Marjorie: She/Her/Hers
Temple: They/Them
Alyx: They/Them
Roslyn: She/Her/Hers

Temple and Alyx are two of Marjorie’s three children who are out to her.  

“Temple has been out for longer — I want to say they were 11 or 12,” Marjorie said, noting that they’re 14 now. “It was cute because Temple and I have a notebook we pass between us to be completely honest with one another. They can ask anything, no judgments.”

Marjorie says it’s a safe place notebook “because they wanted to have something they could use to ask questions about that stuff.”

While they were passing this notebook between each other, Temple wrote once asking what she felt about LGBTQ folks. 

“I [responded that] I didn’t really care. The biggest deal for me was, are you a good human? Are you going to treat people the way you want to be treated? There were a lot of little things that happened before that but I realized this is where we’re going.”

But when Alyx came out last year, it was a little bit more surprising. 

“Temple has always seemed to know who they are and where they’re going; they’re pretty confident in themselves. Alyx’s journey is a lot different,” she explained. “They came out at a local pride proclamation and we’ve gone through several name changes since then. They’re just trying to figure out where they fit.”

Marjorie, mother of Temple (14), Alyx (13) and Roslyn (10).

It has always been easy for Marjorie to let her kids just be who they are despite some of the difficulties keeping track of what’s going on along the way.

“My personal philosophy is that every human life is valued no matter where it is,” she said. “I think that made it easy when something came up [like my children coming out]. I never saw parenting as a conditional thing — it’s 100% unconditional, my love for my kids. I want them to expand past where I am and be who they are.”

She added too that the journey is not her own, but her children’s, and she does everything in her power to continue making her house a safe space for everybody.

“It’s sometimes difficult to keep up and make sure we’re being as respectful as possible. But we do and we make mistakes,” Marjorie explained. “We apologize for them and they seem to understand that those mistakes will happen. My youngest, Roslyn, is super good at everybody’s pronouns and names. She’s the one that corrects us.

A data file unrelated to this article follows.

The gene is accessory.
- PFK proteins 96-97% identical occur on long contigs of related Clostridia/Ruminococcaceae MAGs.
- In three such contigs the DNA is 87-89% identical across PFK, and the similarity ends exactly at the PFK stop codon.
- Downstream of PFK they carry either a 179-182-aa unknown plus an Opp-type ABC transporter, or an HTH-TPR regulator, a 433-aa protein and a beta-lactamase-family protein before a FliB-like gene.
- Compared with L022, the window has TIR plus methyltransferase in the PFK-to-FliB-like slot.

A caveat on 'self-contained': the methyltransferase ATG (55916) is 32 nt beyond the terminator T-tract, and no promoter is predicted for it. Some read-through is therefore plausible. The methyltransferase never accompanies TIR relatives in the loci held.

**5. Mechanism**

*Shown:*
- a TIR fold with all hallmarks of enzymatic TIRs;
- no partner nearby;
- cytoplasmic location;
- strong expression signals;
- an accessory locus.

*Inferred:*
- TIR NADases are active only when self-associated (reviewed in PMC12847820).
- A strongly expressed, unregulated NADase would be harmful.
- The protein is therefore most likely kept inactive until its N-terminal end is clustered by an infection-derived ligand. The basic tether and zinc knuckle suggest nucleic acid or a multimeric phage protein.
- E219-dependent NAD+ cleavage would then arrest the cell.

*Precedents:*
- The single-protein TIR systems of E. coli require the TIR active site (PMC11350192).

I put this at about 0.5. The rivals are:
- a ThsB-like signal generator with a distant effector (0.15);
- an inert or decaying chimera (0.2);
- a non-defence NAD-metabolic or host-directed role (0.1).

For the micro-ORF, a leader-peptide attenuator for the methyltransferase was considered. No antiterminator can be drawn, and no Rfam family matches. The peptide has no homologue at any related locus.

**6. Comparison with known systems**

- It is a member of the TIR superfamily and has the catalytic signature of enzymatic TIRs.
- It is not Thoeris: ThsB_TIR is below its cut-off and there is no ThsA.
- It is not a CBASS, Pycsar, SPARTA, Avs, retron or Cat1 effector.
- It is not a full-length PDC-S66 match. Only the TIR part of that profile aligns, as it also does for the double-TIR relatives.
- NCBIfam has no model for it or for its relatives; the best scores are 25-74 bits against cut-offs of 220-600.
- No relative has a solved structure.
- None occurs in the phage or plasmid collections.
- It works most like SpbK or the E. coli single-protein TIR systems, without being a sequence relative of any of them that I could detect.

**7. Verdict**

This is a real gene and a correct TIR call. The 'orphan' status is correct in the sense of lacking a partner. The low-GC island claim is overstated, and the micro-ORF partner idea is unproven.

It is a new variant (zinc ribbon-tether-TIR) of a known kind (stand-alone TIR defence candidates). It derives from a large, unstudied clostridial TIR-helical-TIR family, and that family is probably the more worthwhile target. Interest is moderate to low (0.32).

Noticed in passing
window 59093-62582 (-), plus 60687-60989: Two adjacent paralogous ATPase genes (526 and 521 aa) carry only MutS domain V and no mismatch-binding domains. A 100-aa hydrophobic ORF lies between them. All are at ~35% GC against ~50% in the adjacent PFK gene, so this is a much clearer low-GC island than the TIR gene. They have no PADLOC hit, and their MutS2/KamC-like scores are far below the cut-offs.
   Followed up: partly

“The whole family is supportive, and my kids know that I will fiercely protect them no matter what the situation is, and I’ll protect their friends. We tried to create a safe space [for their friends] where if they’re not comfortable at their home they can come here and get that breathing room.”

For parents who are trying to educate themselves more, Marjorie suggested browsing the internet, much like their children may be.

“With any parents that think you know your kids or they come out, just continue to love them for who they are and educate yourself. I’ve done a ton of research: I don’t want my kid to have to answer my questions. There’s so many resources out there like Facebook groups. 

“Mama Bears (a Facebook group) has been phenomenal for when I need support, standing up for my kids or myself. There’s a lot out there that can help us all.”

And if your children come forward asking about something or coming out, take that as a “parenting win,” Marjorie said.

“It’s important to know that your kid trusts you that much but it’s also important to acknowledge where they’re at. With Temple, they’re super out and comfortable where they are. Alyx may not be as comfortable with me introducing them to new people with they/them pronouns.

“Each person is going to have their level of comfort with their identity. There’s a lot of breathing moments. It’s super important with kids that they need to know no matter where they are in their journey and where their journey is going to take them, that you are there to support them all the way.”

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